Phasing -- you can put in father or mother's DNA
                  pull out to create father's DNA if you have mother.

      Fee-based tests -- $10/month for all, or you can pay for one month only    
      -- matching segment search
      -- triangulation
      -- Lazarus
      similar to phasing, but involves deceased ancestor, 2nd great-grandfather for example
      can enter cousins' kits, can put those matches into a profile if are related to that ancestor
      can put in kits from three different companies
      If parents aren't tested, get them tested.
      February 26, 2017 -- Jeremy Frankel

      "Some Challenges When Searching for Jewish Ancestors in England"
      Jeremy Frankel has been president of the Bay Area JGS for the past 16 years and has been doing research, internationally and in the U.S., for more than 30 years.
      In his presentation, he focused on England and Wales. He said a number of people came to the UK who didn't go to other countries, although the vast majority did leave.
      In 1882, there were about 46,000 Jewish people in the UK. "Jewish people were never more than 1 percent," Jeremy said. In 2011, there were 269,568.  In the United States today, there are about 2 percent of the population.
      Vital records --
      Civil registration was taken over from the church in 1837 -- births, marriages and deaths were registered; after six weeks you would have to pay to do so. Jeremy noted that within 10 to 20 years, there was a high compliance rate.
      Every quarter, the registrations would be sent to London.  Even today, he said you can order anything from 1837 to now --"none of this privacy business we have here."
      In the last few months, records have included the mother's maiden name, "an absolute godsend," since you don't have to guess which record in yours.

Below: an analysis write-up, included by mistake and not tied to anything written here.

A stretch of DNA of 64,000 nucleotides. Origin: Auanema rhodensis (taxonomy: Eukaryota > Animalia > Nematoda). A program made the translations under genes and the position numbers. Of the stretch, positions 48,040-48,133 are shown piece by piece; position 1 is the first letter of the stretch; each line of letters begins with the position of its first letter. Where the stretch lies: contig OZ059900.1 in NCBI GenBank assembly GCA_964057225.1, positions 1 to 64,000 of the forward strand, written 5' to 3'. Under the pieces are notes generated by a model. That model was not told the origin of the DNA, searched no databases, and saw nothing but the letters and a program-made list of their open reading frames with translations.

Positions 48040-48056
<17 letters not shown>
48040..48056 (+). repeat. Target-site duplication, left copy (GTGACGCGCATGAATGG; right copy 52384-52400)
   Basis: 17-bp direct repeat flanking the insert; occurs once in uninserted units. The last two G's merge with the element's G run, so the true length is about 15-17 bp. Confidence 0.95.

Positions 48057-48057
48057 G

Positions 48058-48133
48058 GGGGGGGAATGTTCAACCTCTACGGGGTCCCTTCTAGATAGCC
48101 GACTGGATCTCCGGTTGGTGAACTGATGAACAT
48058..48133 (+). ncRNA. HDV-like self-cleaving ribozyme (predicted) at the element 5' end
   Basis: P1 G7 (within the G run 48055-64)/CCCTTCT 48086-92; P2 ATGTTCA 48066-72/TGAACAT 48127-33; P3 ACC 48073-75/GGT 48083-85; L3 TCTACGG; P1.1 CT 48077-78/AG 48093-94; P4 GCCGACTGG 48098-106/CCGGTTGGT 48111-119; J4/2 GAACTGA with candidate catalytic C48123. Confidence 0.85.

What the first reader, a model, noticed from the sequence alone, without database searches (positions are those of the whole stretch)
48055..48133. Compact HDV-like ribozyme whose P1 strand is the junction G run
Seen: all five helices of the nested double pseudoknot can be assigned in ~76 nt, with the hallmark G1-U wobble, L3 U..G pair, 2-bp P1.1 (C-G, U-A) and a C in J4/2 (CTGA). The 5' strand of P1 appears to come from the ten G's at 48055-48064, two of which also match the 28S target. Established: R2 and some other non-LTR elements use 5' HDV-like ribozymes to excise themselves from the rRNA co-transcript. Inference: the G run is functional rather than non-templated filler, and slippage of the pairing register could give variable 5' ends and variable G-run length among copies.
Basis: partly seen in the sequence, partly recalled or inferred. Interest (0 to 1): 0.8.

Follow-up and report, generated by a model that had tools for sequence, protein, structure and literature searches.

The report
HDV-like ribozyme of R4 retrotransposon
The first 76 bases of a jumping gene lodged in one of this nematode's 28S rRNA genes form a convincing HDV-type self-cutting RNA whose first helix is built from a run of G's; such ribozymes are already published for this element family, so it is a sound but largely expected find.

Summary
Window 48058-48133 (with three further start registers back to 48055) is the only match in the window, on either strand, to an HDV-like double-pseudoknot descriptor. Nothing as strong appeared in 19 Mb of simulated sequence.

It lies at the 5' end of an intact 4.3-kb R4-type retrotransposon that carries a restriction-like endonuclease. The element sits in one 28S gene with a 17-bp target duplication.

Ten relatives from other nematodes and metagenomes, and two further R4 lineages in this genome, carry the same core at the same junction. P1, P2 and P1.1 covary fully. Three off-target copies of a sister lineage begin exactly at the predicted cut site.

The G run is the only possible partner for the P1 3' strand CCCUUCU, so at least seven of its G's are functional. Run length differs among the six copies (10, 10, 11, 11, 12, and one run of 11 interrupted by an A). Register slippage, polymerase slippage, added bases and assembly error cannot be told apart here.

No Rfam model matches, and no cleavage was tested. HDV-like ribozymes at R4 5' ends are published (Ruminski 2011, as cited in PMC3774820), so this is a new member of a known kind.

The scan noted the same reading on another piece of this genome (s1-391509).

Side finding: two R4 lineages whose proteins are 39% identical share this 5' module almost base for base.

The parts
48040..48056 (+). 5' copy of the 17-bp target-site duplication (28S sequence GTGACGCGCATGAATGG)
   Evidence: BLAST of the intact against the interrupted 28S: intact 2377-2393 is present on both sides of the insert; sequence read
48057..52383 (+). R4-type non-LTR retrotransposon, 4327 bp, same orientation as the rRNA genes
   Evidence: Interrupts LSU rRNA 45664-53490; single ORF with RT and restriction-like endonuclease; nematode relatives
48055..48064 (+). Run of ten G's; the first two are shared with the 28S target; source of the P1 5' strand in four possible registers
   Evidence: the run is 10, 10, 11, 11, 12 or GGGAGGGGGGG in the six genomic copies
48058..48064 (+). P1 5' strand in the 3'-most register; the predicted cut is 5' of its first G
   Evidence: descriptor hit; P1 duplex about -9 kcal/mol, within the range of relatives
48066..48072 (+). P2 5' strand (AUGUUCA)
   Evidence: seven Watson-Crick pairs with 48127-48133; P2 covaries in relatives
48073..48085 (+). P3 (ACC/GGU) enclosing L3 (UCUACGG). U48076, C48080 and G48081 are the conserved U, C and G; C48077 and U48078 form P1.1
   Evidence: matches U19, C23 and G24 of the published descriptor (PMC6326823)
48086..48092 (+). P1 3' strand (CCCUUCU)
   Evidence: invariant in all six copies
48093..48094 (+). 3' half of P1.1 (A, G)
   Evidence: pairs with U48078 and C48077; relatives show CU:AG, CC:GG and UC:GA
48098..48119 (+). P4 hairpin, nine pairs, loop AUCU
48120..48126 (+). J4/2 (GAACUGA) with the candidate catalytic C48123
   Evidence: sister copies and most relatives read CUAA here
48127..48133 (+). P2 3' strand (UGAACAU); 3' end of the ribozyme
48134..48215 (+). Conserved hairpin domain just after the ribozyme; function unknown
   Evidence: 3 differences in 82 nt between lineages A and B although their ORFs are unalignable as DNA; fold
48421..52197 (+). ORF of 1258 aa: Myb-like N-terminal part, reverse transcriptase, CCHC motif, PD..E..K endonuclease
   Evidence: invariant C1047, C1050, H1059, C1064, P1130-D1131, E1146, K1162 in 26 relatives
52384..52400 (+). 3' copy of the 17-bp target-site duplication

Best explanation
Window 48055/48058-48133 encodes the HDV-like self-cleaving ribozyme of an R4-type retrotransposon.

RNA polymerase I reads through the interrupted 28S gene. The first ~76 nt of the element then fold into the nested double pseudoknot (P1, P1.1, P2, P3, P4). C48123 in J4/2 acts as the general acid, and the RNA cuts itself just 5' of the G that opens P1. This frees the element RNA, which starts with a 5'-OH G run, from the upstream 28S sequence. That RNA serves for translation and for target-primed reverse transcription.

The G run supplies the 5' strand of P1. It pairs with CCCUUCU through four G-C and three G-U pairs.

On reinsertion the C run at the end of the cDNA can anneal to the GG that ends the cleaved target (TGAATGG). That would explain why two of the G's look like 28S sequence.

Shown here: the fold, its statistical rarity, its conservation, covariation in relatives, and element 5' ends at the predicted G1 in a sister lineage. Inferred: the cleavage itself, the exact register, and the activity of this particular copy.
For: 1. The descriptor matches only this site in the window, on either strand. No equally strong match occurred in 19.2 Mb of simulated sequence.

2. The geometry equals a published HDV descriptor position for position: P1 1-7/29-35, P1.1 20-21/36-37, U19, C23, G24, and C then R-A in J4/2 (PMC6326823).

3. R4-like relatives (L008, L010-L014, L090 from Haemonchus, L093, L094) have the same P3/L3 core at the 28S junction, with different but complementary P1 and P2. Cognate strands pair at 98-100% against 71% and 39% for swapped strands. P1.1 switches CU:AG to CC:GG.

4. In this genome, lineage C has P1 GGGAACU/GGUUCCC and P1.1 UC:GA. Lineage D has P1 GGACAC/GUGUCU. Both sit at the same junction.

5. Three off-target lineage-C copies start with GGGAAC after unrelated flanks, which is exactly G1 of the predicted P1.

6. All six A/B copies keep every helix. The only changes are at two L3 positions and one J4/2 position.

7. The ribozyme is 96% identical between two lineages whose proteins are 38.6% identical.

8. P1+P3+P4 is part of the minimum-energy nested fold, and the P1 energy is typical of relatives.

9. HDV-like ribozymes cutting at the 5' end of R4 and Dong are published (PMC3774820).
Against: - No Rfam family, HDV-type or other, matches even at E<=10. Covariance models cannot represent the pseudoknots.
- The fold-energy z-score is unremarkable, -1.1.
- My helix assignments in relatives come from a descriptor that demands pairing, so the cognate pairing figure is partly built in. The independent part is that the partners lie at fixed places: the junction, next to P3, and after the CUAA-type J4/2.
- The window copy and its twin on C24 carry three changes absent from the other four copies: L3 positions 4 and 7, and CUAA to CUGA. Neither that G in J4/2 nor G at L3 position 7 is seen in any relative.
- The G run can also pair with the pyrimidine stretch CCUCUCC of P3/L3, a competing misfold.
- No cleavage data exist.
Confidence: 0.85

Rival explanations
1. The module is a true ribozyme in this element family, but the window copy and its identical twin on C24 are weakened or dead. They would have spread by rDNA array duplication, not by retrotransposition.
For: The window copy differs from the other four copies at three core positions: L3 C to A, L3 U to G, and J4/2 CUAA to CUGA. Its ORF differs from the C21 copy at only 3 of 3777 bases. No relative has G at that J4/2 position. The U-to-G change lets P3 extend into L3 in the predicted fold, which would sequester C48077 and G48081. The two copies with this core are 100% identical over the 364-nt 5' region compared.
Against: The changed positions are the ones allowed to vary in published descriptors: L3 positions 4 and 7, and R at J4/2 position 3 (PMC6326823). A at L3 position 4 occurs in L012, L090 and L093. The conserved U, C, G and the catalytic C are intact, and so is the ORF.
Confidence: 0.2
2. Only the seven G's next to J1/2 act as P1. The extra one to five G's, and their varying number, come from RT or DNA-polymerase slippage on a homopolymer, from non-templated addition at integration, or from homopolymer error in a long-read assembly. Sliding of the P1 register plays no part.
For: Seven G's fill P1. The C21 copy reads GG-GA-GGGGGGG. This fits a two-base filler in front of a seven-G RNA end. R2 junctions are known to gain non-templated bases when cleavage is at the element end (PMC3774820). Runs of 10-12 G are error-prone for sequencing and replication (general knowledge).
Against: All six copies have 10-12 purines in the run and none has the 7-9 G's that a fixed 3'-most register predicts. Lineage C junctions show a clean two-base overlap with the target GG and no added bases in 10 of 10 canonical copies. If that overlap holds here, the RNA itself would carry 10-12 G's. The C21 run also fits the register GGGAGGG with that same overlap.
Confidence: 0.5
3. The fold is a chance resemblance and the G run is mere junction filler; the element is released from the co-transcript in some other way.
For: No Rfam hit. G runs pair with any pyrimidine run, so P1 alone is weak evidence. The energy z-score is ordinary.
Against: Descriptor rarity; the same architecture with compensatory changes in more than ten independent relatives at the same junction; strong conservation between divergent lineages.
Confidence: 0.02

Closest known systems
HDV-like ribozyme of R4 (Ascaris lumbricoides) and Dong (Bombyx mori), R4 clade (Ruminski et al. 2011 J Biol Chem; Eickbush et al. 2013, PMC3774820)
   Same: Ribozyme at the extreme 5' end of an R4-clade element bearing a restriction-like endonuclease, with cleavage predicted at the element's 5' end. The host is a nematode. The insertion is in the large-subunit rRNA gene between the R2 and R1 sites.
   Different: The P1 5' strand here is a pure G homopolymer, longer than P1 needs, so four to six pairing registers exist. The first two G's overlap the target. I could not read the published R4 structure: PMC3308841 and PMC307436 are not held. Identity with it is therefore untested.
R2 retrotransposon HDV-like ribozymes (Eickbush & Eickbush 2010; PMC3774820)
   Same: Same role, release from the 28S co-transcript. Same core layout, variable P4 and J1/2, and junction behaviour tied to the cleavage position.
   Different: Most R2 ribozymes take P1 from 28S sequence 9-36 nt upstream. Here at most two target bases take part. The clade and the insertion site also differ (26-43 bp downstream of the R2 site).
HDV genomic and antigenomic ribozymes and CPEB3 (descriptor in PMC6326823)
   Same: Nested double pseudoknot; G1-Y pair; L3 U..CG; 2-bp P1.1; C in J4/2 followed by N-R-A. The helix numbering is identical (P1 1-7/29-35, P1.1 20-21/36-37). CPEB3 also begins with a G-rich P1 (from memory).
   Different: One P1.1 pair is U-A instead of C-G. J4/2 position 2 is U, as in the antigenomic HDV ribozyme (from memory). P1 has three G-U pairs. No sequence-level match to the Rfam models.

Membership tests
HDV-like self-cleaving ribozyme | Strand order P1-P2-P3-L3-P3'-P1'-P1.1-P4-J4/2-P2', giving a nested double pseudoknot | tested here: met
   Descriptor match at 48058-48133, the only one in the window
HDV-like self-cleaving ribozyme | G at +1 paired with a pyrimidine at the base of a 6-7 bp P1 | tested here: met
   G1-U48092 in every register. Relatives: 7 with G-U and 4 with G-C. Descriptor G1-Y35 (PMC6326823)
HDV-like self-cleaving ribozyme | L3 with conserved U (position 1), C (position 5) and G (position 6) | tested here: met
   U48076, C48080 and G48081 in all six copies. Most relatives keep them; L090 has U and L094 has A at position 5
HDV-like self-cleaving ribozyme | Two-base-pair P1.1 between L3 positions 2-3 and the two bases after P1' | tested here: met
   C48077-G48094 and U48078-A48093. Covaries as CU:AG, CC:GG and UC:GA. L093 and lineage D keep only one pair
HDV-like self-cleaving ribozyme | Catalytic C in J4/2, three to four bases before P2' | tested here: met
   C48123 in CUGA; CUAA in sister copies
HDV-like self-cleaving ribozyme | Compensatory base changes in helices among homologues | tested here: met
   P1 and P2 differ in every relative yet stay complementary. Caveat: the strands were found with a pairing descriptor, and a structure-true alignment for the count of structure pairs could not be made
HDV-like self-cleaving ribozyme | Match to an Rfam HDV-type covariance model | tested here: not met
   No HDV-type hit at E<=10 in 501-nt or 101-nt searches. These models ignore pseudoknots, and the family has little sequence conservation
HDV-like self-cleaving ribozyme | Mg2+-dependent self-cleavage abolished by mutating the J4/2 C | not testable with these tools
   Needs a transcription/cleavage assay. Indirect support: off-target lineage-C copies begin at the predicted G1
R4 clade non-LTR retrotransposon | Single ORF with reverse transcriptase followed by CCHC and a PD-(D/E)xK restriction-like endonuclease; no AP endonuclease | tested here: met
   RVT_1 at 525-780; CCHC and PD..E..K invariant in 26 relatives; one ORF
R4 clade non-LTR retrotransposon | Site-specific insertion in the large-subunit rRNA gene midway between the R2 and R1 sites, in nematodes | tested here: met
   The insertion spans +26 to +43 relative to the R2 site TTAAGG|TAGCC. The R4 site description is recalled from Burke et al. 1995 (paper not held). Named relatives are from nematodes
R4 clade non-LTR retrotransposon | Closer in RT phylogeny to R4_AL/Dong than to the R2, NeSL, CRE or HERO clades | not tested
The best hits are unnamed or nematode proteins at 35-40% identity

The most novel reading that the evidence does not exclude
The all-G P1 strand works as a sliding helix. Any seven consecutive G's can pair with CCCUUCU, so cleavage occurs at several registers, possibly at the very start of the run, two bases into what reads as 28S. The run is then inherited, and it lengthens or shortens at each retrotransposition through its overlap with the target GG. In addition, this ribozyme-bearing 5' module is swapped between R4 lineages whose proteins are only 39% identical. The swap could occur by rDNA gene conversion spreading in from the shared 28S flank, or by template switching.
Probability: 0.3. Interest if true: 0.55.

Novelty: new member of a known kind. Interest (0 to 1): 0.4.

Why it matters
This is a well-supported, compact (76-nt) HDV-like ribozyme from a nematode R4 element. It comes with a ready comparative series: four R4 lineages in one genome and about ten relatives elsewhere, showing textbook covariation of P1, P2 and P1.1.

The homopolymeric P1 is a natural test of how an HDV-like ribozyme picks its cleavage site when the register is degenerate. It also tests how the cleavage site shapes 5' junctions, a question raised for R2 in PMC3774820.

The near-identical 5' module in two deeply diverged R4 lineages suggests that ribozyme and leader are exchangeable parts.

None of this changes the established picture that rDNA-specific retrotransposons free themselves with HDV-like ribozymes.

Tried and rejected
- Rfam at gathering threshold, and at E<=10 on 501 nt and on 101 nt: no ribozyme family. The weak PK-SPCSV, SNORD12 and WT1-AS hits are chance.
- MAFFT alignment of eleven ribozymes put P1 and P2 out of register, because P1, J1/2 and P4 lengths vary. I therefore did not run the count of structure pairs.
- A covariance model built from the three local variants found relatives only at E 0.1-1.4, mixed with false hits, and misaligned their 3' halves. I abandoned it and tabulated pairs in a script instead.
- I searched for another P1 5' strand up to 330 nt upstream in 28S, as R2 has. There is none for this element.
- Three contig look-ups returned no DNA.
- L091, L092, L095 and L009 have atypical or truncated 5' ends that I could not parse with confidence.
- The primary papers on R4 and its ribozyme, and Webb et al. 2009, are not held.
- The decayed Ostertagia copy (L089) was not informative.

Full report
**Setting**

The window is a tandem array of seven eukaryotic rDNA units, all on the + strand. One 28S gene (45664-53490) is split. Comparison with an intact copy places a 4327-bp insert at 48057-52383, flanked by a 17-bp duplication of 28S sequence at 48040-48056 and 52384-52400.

Death index -- includes the age of death
      Free BMD
                  -- presentation style better than Ancestry Find My Past
                  -- can put in "all types"
                  -- get BMD all in one
                  -- can use asterisks
      Jews -- if get married in a synagogue, don't have to registry civilly at the registry office
       32 columns of information in 1980 (1911, for UK, Wales, 16 columns)
       1921 census -- to be released in 2022.  Taken on June 19th, 1921, so people may be listed at the seaside, on holiday.
      1931 -- 26th of April   (census destroyed in WW II, so for 30 years, nada from 1921-1951)
      1941 -- WW II, no census
      19521 -- April 8
      1961 --25th April
      Except -- 1939-- people registered, not a census, very basic, but exact dates of birth so could issue national identity cards.  Continues to be used by British National Health Service
      "Find my Past" redacted entries for people thought to be alive
      Sources for Searching Online
      General Register Office -- https://www.gro.gov.uk
      British Jewry -- website with databases, free but register first.
      Free BMD -- England, Wales 1837-1984
                  Finding My Past has the whole thing up to 2007
      JCR -- UK -- on JewishGen, free
                  cemeteries, marriages -- plug name in and everything comes up
      JGS Greater Britain -- members only
      Cemetery Scribes
      Synagogue Scribes
      Britain from Above -- aerial/oblique views of UK back to the 1920s.
      Google Earth/Street View --modern look at locations
                  British Newspaper Archive (fee for service) -- 1700s to 1950s
      "Challenging" finding evidence of your family member in the paper unless arrested, married
      Jewish Chronicle -- from 1841 -- oldest Jewish language English paper in the world
                  My Heritage put online 1841-1999, now free
                  Search engine "awful."
      London Gazette (also Edinburgh, Belfast) -- free, official paper of record: bankruptcies, name changes, naturalizations
      Social Media
      Facebook sites included "Tracing the Tribe, Jewish London Genealogy and Family Research (also maintains spreadsheet for headstone image requests), Jewish East End of London (memories and reminiscenses, photos), Stepney and Wapping (memories).
      Ordering Certificates -- suggestion, before you order, look at Google certificates to see what they contain.